Fluency Instruction for ELLs

English is one of the most challenging languages to decode, so it comes as no surprise that many ELLs may struggle to read fluently.  Fortunately, there are some instructional techniques that teachers can use to help ELLs improve their accuracy, rate, and prosody while reading in English.

Key Elements of Fluency Instruction for ELLs:

1. Provide an explicit model of fluent reading.

2. Provide multiple opportunities to read the same text.

3. Establish performance criteria for rate, accuracy, and prosody.

4. Provide background knowledge and vocabulary support as necessary before and during reading.

5. Set students up for success by avoiding passages that are too difficult or putting them in the spotlight in front of peers when confidence is lacking.

Instructional Suggestions:

1. Provide opportunities for students to listen to texts recorded by native English speakers and/or have students record and listen to their own repeated readings.

2. Create sentence strips from a previously read text or section of text. Have students sequence and reread the text on the sentence strips.

3. Provide opportunities  for students to reread previously read passages. Several examples are below.

  •  Read with a model reader like a teacher, adult volunteer, or older student. Discuss key words prior to reading. Model reader reads first, then student reads. Student rereads passage a second time as fluently as possible.
  • Set up a regular routine for repeated readings. First, pair students with similar independent reading levels. Provide a text to be read throughout the week. Consider having a specific element of fluency for students as a focus for practice (e.g., rate, prosody, accuracy).
  1. Day 1: Pairs read text aloud together and circle unknown words. In the first few minutes of guided group, clarify unknown words.
  2. Day 2: Pairs take turns reading text aloud to one another and provide a score on a rubric focused on the fluency skill of that week.
  3. Days 3 and 4: Individuals read their texts aloud using a recording tool (e.g., an iPad app like Audionote, a website like Voicethread, or onPhotobooth). They listen to the recording and score themselves on the rubric.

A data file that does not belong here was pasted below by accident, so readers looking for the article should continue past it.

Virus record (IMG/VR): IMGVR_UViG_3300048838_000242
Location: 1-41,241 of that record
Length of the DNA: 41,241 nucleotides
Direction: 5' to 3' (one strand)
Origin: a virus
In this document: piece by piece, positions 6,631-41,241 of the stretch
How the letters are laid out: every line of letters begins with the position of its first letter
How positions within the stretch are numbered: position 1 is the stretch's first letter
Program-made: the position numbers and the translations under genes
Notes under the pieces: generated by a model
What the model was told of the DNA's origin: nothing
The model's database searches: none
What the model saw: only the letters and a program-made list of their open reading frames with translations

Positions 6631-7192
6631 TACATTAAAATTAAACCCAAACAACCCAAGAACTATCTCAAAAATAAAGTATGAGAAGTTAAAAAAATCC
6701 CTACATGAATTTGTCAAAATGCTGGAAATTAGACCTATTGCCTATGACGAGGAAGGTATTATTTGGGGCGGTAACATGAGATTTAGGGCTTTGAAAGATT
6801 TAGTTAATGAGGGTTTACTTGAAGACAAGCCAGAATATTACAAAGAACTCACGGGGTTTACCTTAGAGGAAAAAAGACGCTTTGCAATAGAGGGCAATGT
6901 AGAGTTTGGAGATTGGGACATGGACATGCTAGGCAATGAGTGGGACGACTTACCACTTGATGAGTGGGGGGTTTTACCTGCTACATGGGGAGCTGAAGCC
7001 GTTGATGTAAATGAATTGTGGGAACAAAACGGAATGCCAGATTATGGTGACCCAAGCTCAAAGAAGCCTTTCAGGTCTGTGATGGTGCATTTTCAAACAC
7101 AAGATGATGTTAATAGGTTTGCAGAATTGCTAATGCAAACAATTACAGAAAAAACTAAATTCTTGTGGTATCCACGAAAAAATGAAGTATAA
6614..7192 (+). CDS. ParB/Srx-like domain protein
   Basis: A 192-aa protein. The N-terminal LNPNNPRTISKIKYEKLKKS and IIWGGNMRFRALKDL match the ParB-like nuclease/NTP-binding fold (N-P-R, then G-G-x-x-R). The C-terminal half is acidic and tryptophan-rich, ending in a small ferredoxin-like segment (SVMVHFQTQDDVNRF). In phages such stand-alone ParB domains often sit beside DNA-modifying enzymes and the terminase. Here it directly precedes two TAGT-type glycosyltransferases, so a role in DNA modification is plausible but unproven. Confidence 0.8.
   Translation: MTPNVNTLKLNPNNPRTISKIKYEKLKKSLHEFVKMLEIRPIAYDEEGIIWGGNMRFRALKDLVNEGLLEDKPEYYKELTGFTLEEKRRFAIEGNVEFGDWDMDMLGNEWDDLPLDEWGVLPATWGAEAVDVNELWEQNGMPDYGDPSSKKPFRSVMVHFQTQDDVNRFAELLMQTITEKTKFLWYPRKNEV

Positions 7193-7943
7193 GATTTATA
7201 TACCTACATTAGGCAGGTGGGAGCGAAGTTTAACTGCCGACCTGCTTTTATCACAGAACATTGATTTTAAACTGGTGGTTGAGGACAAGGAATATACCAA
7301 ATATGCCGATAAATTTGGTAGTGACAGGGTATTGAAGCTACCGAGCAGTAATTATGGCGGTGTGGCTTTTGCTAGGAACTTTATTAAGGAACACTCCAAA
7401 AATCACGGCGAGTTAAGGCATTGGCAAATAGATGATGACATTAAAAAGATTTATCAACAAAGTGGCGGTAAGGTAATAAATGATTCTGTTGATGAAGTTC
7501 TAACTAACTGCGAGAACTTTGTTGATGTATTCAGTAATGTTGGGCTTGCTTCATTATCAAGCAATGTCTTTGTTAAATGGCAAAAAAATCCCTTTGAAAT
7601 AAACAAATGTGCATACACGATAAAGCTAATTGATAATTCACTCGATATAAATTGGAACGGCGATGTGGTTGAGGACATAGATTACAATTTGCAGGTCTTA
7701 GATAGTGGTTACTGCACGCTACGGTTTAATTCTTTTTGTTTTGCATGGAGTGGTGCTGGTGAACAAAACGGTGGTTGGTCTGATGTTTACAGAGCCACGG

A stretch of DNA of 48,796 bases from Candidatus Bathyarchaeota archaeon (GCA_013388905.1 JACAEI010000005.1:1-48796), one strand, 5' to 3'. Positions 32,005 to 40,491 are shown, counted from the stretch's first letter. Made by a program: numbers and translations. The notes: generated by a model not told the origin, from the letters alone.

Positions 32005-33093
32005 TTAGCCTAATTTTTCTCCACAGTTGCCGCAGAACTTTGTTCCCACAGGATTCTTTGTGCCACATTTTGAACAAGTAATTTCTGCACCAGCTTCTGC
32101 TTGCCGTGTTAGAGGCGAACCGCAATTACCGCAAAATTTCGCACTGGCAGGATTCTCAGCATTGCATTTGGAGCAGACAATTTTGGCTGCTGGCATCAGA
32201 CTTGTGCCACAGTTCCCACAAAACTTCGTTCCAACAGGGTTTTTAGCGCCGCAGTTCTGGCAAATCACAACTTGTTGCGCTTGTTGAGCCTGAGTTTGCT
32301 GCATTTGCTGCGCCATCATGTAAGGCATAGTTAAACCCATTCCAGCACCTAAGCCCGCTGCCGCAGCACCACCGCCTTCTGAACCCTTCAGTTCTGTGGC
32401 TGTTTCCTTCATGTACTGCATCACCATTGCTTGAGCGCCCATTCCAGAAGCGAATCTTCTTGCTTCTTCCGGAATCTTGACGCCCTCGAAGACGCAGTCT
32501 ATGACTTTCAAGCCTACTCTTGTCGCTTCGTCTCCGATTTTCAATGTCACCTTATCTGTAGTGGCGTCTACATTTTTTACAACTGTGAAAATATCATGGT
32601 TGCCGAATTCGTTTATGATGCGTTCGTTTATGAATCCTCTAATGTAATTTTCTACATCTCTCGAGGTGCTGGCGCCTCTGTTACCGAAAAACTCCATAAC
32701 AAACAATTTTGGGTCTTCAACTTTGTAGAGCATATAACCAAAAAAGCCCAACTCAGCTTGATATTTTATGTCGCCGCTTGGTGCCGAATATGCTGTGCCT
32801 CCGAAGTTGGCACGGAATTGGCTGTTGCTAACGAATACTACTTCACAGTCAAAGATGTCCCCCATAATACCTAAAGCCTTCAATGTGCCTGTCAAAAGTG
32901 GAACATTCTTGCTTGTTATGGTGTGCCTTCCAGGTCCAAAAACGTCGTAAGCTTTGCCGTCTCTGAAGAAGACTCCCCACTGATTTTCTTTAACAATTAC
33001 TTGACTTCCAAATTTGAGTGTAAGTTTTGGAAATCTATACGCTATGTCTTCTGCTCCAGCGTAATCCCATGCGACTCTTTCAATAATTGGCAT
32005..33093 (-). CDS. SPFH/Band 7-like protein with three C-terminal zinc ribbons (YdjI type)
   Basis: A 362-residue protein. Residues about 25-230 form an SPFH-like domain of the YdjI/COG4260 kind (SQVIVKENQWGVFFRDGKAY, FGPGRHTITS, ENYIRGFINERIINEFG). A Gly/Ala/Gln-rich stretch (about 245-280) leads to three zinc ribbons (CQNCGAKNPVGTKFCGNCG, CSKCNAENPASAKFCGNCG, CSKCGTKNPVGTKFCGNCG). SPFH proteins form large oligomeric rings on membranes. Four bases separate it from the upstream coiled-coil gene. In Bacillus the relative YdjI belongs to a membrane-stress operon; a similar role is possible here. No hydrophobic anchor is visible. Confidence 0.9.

4. Day 5: Pairs do a final read with their partners using the rubric to score one another.
  • Use echo reading. First, provide background to familiarize students with key vocabulary and concepts. Second, read a section of the text aloud while students follow along. Next, reread the same text while students read along with you trying to mimic your rate and expression. For ELLs, it is a good idea to chunk the text into small units and increase the amount over time as students build their skills.
  • Use Reader’s Theater or poetry performance. Students practice a script or poem at their instructional level (if working with an adult) or at an independent level (if working on their own or with peers). After numerous repeated readings, students perform for the class.



Linan-Thompson, S., & Vaughn, S. (2007). Research-based methods of reading instruction for English language learners, grades K-4. Alexandria, Va.: Association for Supervision and Curriculum Development.

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Michelle Story-Kohl

About Michelle Story-Kohl

Michelle is an ELL instructional coach for Lincoln Public Schools. She partners with many teachers across the district as they support their ELL students’ academic language development. Michelle is available to work with teachers and staff at Lakeview, Saratoga, Campbell, Everett, McPhee, Beattie, Brownell, Everett, Holmes, Kooser, Sheridan, and West Lincoln

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